Um, yeah, I just “Thesaurused” the whimsy out of the old saying… “Judging a book by its cover.”
But I have good reason.
There may be a million and one blog posts out there with that title, and I didn’t want mine to get lost in the muddle by having it judged on an overused saying. And now you’ve come this far…
One of the burdens of my dyslexia is that I cannot process old English text. It might as well be in Portuguese or Swahili. And believe me, I have tried and tried. When “Pride and Prejudice” came out in 2005 I saw it four times in a row. Relieved I finally knew what the fuss was all about, the Cliff Notes had hardly done it justice, I was both elated and quite sad.
I know the movie hardly did Austen’s work sanction.
But it is what it is, and struggles make us stronger. Still, when I saw my daughter’s copy of her favorite literary masterpiece, I fell in love. I ordered a beautiful copy for myself and tried to read it again.
So never judge a book by its cover lest you own a fanciful copy of a literary masterpiece that simply looks lovely on your desk.
And not to enrage, but merely to engage, yesterday in a Starbucks, my cover was judged. The same old song and dance. I entered the coffee shop with my toddler sons – my dark skinned Sam and my towheaded Charlie, lugging a bulky car seat with a blue eyed baby girl inside.
An older man made eye contact with me. I smiled. He rolled his eyes.
I heard his wife say, “My she has her hands full.” And he scoffed and said, “Yeah, and looks like she’s popular with a few fellas.” And they laughed. He continues, “Glad our tax dollar can buy her a $6.00 cup of coffee.”
Again, they laugh.
By all appearances, it is safe to assume my children have different dads. But, I don’t know what makes him think he’s buying my coffee? I am slightly disheveled, but I hardly look homeless?
I move on.
Diaper changes, hand washings, and a head injury later, Charlie is bandaged up, and I apologize profusely for the damage to the Carmel Macchiato display. We head back to the car to continue our 5-hour journey to see my parents. As luck would have it, the older couple who have decided I am the welfare whore of Babylon, are on our heels.
I plead with my sons to stay close, I awkwardly balance coffee while I haul the bulky seat to my car. I can feel their eyes on me. And I hear him say, “She hardly needs to be eating scones.”
I dislike this guy.
And! I don’t have a freaking scone???
As I herd the boys, we are squished between cars and Sam proceeds to Karate chop and kick a blue Honda with his tiny fists and feet like an insane little Ninja. I bark, “Samuel Michael! No sir!”
Yeah, it is their car.
I make my apologies, and they just stare. I get to my car, and I hear the man say, “Well, that’s our society for ya!”
And he would be correct.
Our society judges by what we think we see and what we hold as truth when we have no idea what in hell’s bells we are talking about.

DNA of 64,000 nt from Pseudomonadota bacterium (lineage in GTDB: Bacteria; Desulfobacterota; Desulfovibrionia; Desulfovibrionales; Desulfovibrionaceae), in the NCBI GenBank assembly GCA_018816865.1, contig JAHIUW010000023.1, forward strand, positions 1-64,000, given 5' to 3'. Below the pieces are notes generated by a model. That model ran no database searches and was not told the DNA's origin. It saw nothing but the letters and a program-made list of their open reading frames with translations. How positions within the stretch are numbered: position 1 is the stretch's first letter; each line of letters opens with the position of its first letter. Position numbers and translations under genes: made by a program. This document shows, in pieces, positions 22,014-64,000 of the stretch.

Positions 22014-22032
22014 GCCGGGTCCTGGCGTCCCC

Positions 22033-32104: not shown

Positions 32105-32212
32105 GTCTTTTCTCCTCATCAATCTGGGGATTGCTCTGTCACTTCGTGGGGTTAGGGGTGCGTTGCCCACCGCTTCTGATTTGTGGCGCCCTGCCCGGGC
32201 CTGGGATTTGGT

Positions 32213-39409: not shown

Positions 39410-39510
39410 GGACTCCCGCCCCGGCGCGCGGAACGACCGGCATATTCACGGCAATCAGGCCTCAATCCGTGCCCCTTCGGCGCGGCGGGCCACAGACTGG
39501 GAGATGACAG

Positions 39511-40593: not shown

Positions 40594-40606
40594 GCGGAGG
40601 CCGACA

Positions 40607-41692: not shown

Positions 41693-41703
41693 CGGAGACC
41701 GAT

The vandals and the baby finally fell asleep, and I am left to ponder as I drive.
I am guilty of the same behaviors.
And melancholy is my companion the rest of the day.
I am sad for that man. But I don’t want to judge him. Who knows what made his demeanor the way that it is? And sure, my four-year-old did violently abuse his 90’s model hatchback, but he’s just a little boy. And I pity anyone who can’t see the grand folly in that.
He didn’t do any damage, and I certainly didn’t let him get away with it.
And I can’t shake the hurt. And something else lingers, somewhere in the back of my mind. As I wearily climb into bed, and I received a text from my college roommate, turned cousin, as she introduced me to her cousin, and I married him.
“Can’t believe it has been six years. Love you…”
There’s the cover… and then there is the book.
Yesterday was the anniversary of a catastrophe that sparked the revolution to live our lives differently- the tragic accidental death of my husband’s older brother and business partner.
The grief and hardship drew us closer to God. We clung to Jesus and grew in our need to make Him center in our lives. We decided to rewrite our story and teach our children that, in the midst of our suffering, He is enough. We would not let affliction curse us. We would choose joy – we would open our home to those in need.
We would foster, and we would adopt.
And I am again sad for the butthead in Starbucks. And I am sad for all the times I have been a butthead – when I have judged a book by its cover.
And the events that brought me to this Starbucks with my mismatched family are a story that goes well beyond skin color and genetics.
At my core, I want to be a good shepherd to those in need, that they might experience the love of Christ.
But, like the grumpy man in Starbucks, I often fall prey to my senses. I think the worst of people or I write a creative story in my head about how and why they are in the messes I am witnessing from afar.
But the profoundness of humanity and our condition go so much deeper than that which we can see with human eyes.
As I tried to sleep, I couldn’t shake the image of the man from Starbucks face. His disgust for what he believed my situation to be… and I am most horrified that I know I have looked the same way.
And I never want this to be said of me.
That I judged harshly.
That I was unwilling to listen to the intensity of a struggle.
Or that I was so steeped in self-righteousness, I was incapable of seeing myself in the least of these.
And while it is impossible not to sound judgemental of this man, I am grateful to have had him in my path. I pray whatever burdens him is someday healed. And I am most joyful that in the midst of tragedy our family increased instead of only decreasing. And that positive growth may get us looks, and jeers, but we have life and life abundant.
He is a good, good Father.
May your floors be sticky and your calling ordained. Love, Jami
Behold! I tell you a mystery. We shall not all sleep, but we shall all be changed. 1 Cor. 15:51